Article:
[Owasp-leaders] Should OWASP projects (and in particular ZAP) aim to leave the OWASP nest?

Mike Goodwin mike.goodwin at owasp.org
Wed Dec 2 17:15:17 UTC 2015

> Now I'm just going to sit back and watch the flame war ensue. ;-)

Flame war? Surely not? Paying people to work on OSS works for other
organisations (Joyent, HortonWorks, Mozilla, etc.). Why not OWASP? Does our
charitable status somehow prevent it?

On 2 December 2015 at 16:56, Tim <tim.morgan at owasp.org> wrote:

> > I believe a significant reason OWASP isn't a good home for many projects
> is
> > that we are unable to spend funds on people's time.
> I have agreed with this for quite some time.  While I also understand
> the reasoning on why it is dangerous to pay "volunteers", we aren't
> going to get nearly as much done if people aren't compensated for
> their time at some level.
> Case in point: I work for myself as a consultant.  I believe in the
> OWASP mission and I'm still naive enough to think I can make a
> difference.  I could easily carve out weeks of time in my schedule for
> OWASP, since I control my own calendar.  This could allow me to get
> tons of great work done on projects.  But when it comes to paying
> the bills, I have a hard time justifying to myself (and my wife)
> spending more than a handful of hours on OWASP each month.
> Is there a way we can compensate people involved in projects for very
> specific tasks?  Including project leaders?  Suppose project leaders
> carefully define what it is they are trying to achieve and there was
> an oversight system in place to ensure funds aren't wasted.  Could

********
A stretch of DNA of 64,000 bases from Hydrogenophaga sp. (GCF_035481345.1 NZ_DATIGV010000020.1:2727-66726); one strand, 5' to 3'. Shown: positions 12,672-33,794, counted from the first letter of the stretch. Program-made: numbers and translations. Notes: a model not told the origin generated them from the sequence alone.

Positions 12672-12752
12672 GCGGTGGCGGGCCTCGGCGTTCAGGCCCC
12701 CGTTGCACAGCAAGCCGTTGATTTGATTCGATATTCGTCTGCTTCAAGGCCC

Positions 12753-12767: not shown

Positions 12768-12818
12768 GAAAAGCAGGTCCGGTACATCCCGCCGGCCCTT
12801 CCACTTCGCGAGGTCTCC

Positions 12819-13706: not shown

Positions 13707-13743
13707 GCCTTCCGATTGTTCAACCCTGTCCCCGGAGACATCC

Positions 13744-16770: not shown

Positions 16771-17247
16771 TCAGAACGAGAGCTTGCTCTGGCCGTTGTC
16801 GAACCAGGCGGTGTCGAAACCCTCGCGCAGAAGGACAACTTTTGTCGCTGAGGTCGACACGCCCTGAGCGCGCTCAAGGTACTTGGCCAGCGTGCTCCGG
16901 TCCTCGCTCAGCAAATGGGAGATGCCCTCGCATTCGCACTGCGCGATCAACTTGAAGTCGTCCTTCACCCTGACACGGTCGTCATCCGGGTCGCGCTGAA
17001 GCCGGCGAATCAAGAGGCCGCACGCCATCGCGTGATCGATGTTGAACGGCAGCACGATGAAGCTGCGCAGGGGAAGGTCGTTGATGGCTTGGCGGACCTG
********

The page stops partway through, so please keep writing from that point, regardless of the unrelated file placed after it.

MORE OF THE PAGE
> something like that work?  How much would we need to invest in
> oversight time?  How can we avoid nepotism?  I don't know the answers
> here, or how it would work specifically, but I think it would make
> sense for *some* tasks on *some* projects.
> The alternative is what we are doing right now:  Expect people to
> carve out time in their schedules for free.  Unfortunately, security
> is in high demand, so our most talented security people often have no
> free time.  Some "volunteers" find ways to compensate themselves
> through conflicts of interest.  (E.g.: hijacking the OWASP brand to
> benefit their own companies.)  That may still happen no matter what we
> do, but we can get a lot more done within a structure of oversight if
> we modestly compensate trustworthy contributors.
> Now I'm just going to sit back and watch the flame war ensue. ;-)
> tim
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*Mike Goodwin*
OWASP Newcastle UK Chapter Leader
OWASP Threat Dragon Project Leader
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